Mafia III Original Soundtrack
Mafia III Expanded Game Score
October 7, 2016
Purchase on Amazon
The past scores of Mafia have had a strong Hollywood influence, filled with high-quality, dark orchestral music. Mafia III, which brings in composers Jesse Harlin and Jim Bonney, takes a new approach with their score. While the soundtrack is still filled with the rich instrumentation of previous soundtracks, Harlin and Bonney bring a strong blues vibe to this installation in the series, giving Mafia III a separate identity from the first two games.
The very first track, “New Bordeaux,” is saturated with a bluesy sound that features a swung guitar pattern and a beautiful, dark cello. The unlikely combination of instruments, especially on this particular track, immediately gives a distinctly rich and warm sound. The track’s uniqueness makes it a strong opener for the soundtrack, bringing a distinct personality and instrumentation to the music.
The tracks on the album alternate composers on a pretty regular basis; for every avant-garde blues track that cobbles together a new set of instruments, an equally traditional blues track follows it up. “11th Hour Blues” is one of these more traditional tracks, with that swinging rhythm and those carefree guitar riffs. It’s followed by “From Darkness a Voice,” which opens with a slow rendition of what I’m calling the main theme of the game (“New Bordeaux”), and flips through that mournful cello, a pensive, melancholy guitar, and an oddly upbeat rhythmic section.
As a result, it’s not too difficult to tell who composed which track; Jesse Harlin takes a more somber, orchestral approach to the score, while Bonney inserts much more traditional blues pieces. Surprisingly, they work together quite well, with Bonney piercing the dark mood of Harlin’s tracks for some more upbeat – albeit still thematic – tracks.
On Bonney’s side, “Boy Becomes a Man” opens with a rhythm that heavily punctuates the melody, to the point where there are audible moments of silence between many of the downbeats. One guitar confidently riffs its way through the piece, landing on extend trills at the end to allow for another guitar to come in with the melody.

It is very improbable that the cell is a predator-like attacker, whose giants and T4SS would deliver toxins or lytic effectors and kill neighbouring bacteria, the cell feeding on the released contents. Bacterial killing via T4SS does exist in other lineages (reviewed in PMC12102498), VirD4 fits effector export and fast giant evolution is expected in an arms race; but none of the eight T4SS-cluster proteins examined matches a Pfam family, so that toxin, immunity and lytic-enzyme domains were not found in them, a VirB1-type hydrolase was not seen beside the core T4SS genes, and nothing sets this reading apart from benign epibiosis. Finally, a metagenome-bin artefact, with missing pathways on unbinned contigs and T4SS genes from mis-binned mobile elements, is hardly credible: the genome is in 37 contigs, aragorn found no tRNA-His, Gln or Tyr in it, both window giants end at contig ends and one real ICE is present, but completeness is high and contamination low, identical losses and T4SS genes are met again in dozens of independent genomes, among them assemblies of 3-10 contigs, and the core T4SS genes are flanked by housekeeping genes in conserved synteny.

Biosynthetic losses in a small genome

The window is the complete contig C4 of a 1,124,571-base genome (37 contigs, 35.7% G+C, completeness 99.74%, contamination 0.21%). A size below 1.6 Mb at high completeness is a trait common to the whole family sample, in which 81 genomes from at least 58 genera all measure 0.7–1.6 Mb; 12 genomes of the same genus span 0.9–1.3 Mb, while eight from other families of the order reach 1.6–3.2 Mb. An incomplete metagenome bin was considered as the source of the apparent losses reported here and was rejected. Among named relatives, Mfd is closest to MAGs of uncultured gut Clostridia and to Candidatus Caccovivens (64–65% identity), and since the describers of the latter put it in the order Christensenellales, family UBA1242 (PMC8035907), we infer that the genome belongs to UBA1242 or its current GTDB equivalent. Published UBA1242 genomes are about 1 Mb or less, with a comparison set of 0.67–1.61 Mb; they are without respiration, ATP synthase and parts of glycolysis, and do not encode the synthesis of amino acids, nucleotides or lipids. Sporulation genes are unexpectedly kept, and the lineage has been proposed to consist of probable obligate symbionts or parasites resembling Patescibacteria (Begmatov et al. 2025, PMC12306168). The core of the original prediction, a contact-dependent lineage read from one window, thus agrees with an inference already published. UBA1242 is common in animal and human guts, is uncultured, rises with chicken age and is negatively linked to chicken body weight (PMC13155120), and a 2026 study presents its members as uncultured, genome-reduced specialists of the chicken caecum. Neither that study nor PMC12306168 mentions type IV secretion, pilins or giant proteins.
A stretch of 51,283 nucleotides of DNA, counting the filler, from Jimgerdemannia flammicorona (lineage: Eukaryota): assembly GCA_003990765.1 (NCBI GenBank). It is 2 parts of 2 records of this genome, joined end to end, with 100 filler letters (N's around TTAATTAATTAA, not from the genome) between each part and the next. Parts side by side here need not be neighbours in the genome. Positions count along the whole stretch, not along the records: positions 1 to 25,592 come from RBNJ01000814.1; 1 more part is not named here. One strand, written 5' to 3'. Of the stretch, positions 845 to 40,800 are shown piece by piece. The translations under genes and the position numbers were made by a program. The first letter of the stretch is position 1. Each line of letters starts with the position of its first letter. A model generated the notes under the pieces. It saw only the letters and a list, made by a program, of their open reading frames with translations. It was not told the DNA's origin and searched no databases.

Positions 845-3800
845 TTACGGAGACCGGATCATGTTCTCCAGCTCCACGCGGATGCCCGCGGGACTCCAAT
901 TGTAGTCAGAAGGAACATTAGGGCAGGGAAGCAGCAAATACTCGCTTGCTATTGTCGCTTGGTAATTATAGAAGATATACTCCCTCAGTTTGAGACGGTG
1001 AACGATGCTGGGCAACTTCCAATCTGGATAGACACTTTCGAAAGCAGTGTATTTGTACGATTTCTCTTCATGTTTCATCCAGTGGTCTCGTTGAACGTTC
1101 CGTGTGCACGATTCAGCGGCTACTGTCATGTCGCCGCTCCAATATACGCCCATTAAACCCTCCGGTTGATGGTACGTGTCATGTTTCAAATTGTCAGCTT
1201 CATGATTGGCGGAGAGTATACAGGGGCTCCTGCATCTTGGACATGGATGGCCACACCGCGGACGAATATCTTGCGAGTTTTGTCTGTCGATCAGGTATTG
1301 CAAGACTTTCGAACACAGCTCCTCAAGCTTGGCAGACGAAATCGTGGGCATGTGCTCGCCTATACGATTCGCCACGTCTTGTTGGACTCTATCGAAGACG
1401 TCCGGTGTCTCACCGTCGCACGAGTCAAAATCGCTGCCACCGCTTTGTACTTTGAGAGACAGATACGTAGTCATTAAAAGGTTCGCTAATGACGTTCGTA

Two of these more traditionally blues songs also bring a swing band sound into the mix. “Crash n Shuffle” uses a big swing band for a Beale Street-style lounge sound. While the guitar is still front and center, it’s now backed by ubiquitous sax and cymbal, so prominently that I’m almost left wondering where the singer went in this bluesy club. Later on, “Shudder n Moan” brings less brass to the approach, and a much lower guitar gives the piece a sultrier mood.
Other blues tracks slim down the band, having a lighter effect on the listener. “J Bar Blues” is catchy once the melody picks up (which takes a good 40 seconds). The punctuation of the notes facilitates how much this piece gets stuck in my head well after listening to it (hint: it’s a lot). However, I can’t help but enjoy the heartfelt but breezy track. “Straight Razor Blues” is much more packed with sound – there are no pauses in the music, filled with fuller guitar sounds and drums.
The darker tracks of Harlin are enjoyable, but in a different way. Several of his tracks open with some type of moody guitar – “From The Darkness A Voice” opens with a few dissonant riffs and a rendition of the cello melody from that first track, “New Bordeaux,” this time broken by light, driving percussion. “No One is Untouchable” is one of my favorite tracks, with a guitar spiraling all over the place tonally, sliding from note to note. Because each section of the piece fades into the next, the changes of instrument happen almost imperceptibly – the cello resurfaces in this track, but the point where the guitar gives way to it is difficult to pinpoint.
“That’s the Plan, Padre” features an acoustic guitar that gives the piece a very mild Spanish flair. While it quickly fades into the background after the first few notes, the piece soon speeds up with flurries of percussion that don’t quite last long enough to pick up the whole track. “Splintered Past” feels very raw and Western, with a slow, moseying gait, while “Chance of a Goddamned Lifetime” is split into two parts, opening with a deftly pattering cymbal and a few different guitar melodies. The second half features the cello again, bringing the percussion to a halt as it plays through the main theme.
My favorite rendition of the main theme is in the very last track, “Only Thing We’re Good At,” which opens with some sort of dulcimer accompanying a guitar slowly waltzing its way through the piece. The melody is again played on cello, but the new instrumental setting gives it a very different feel. The piece does trail off in the middle to allow for some ambiance and a few drifting guitar notes before ending with a darker playthrough of “New Bordeaux” in a lower octave.
The score to Mafia III takes what is almost a traditionally orchestral approach except for the New Orleans-style spin. Bonney’s blues tracks complement Harlin’s more somber tracks very well, peppering what would be an otherwise morbid score with pockets of brightness and energy. Mafia III Expanded Game Score is available here on Amazon for digital download.
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Posted on December 10, 2016 by Emily McMillan. Last modified on January 5, 2017.